• Responsibility: While we don’t have control over what happened to us, we are the only ones who can help ourselves heal. “A third essential resource that people acquired or refined was the ability to take an appropriate amount of responsibility for their healing journeys. They participated actively in the process of healing. Once again, some participants already had developed this skill, and some acquired or refined it from their helpers.”
  • Positivity: “Another resource that people acquired or refined during their healing journey was choose to be positive—that is to have some optimism about their situation.” People have varying predispositions to positivity. In the study, positivity was important in helping people heal. This doesn’t mean a toxic positivity, but rather simply finding some good in life and feeling hopeful about our situations.

“Connection to others was an essential part of all the healing journeys.” Humans are social creatures, and even the most introverted of us need close relationships. Friends and family add meaning and value to life and help support us, in good times and bad. 

When we experience relational trauma, relationships can feel scary, but reestablishing safety and trust in relationships is where the healing happens. (To be clear, we do not mean reestablishing safety and trust with abusers, but rather finding other healing relationships.) 

“When safety and trust had been established, people were able to connect with helpers. The nature of the behaviours of helpers that fostered healing ranged from small acts of kindness to unconditional love.”

  • “Moving from being wounded, through suffering to healing, is possible. It is facilitated by developing safe, trusting relationships and by positive reframing that moves through the weight of responsibility to the ability to respond.”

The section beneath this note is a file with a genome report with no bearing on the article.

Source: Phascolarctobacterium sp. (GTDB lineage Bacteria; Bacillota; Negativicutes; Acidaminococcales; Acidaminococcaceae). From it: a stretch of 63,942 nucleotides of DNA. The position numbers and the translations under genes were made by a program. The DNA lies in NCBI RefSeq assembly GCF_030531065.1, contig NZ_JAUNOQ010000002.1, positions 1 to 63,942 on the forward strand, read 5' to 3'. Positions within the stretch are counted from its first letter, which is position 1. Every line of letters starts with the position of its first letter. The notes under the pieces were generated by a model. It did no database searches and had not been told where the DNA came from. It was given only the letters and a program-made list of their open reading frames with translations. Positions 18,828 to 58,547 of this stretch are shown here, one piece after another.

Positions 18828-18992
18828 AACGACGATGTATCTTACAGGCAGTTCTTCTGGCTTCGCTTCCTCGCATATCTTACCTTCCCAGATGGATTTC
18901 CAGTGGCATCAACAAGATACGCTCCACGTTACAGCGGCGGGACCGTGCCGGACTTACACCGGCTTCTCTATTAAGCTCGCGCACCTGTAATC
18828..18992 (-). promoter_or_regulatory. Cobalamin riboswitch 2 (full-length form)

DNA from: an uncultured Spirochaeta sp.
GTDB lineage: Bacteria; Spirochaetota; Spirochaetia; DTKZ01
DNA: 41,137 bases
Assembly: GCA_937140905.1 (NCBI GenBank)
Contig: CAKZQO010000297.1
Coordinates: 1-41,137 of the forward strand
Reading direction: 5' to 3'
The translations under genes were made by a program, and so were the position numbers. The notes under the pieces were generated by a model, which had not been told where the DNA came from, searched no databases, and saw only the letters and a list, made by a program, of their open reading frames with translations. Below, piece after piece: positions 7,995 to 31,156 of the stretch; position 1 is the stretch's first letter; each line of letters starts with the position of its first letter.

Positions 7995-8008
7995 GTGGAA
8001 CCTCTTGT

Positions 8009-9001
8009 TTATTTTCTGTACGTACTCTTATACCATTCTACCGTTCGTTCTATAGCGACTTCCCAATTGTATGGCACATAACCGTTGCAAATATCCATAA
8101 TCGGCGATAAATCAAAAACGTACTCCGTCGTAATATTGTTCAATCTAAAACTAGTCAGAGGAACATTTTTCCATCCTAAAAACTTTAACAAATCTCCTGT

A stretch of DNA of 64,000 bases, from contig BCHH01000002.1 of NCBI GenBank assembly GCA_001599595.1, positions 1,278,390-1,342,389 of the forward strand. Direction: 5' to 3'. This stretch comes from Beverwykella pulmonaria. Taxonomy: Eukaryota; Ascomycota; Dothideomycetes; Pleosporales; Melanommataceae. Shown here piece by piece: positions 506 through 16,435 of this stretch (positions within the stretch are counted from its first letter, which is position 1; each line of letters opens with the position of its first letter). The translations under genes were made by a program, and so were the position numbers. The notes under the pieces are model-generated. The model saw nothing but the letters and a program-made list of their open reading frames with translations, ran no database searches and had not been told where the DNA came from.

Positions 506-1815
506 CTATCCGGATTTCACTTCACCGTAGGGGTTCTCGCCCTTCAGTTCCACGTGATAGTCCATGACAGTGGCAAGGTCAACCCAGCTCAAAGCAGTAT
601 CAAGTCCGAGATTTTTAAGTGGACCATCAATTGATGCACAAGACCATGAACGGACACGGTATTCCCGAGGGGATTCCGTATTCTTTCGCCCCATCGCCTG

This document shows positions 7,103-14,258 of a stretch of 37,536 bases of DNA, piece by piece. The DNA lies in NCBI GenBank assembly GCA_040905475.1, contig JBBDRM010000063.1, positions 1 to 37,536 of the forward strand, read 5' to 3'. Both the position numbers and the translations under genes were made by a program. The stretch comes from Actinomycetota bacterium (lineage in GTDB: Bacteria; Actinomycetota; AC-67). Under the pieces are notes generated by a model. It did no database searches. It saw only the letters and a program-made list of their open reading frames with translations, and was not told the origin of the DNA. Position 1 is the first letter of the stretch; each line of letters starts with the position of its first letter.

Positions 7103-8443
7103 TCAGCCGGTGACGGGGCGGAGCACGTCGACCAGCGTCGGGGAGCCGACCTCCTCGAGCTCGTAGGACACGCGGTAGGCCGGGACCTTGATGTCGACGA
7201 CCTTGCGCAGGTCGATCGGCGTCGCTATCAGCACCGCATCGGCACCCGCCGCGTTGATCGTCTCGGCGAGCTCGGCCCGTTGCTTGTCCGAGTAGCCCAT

• “Relationships with health professionals were among these but were not necessarily any more important to the healing journey than other kinds of helpers, which included family members, friends, spirituality and their God, pets, support groups, administrators, case workers and supervisors.”

Healing probably means different things to different people, but one definition that emerged from the study is: “The re-establishment of a sense of integrity and wholeness.” 

Healing was an emergent property that resulted from each individuals’ complex healing journey, a result of bridged connections between resources and relationships. “…they gradually found relief from suffering and began to exhibit emergent characteristics: a sense of hope, self-acceptance, and a desire to help others—the immediate precursors to healing.”

 In varying degrees, “they were able to transcend their suffering and in some sense to flourish.” 

  • Helping Others: We find meaning in helping others. “Understanding that suffering gives the strength and experience to help others in similar situations.”
  • Hope: We begin to have hope that we will not always feel this bad. A Crohn’s patient said, “I think gradually I realized that I was going to feel better. I did have days when I actually didn’t vomit, when I did feel better. And I think gradually I came to believe that maybe I could have a normal life again.”
  • Self-Acceptance: We see our inherent value and understand that we are not to blame for our suffering. A participant living with HIV said, “I’m really proud of myself. I think that now I still want to live. I don’t want to die, and I really love myself a lot. I have a lot of comfort in myself.”

Suffering is the ongoing pain from wounding. 

There is some debate about whether people always experience suffering on the path to healing.

Wounding happens when we experience physical or emotional harm. It can stem from chronic illness or by physical or psychological trauma for which we do not have the tools to cope, or a combination of those factors. 

“The degree and quality of suffering experienced by each individual is framed by contextual factors that include personal characteristics, timing of their initial or ongoing wounding in the developmental life cycle and prior and current relationships.”

Characteristics: How predisposed someone may be to wounding/how many tools and resources someone may have to deal with trauma/illness.

Lifestages: Developmental timing plays an important role in the impact of trauma — young children often do not have the same resources as older adults.

Relationships: Relationships can provide solace and support for those suffering, while lack of healthy relationships can prolong suffering.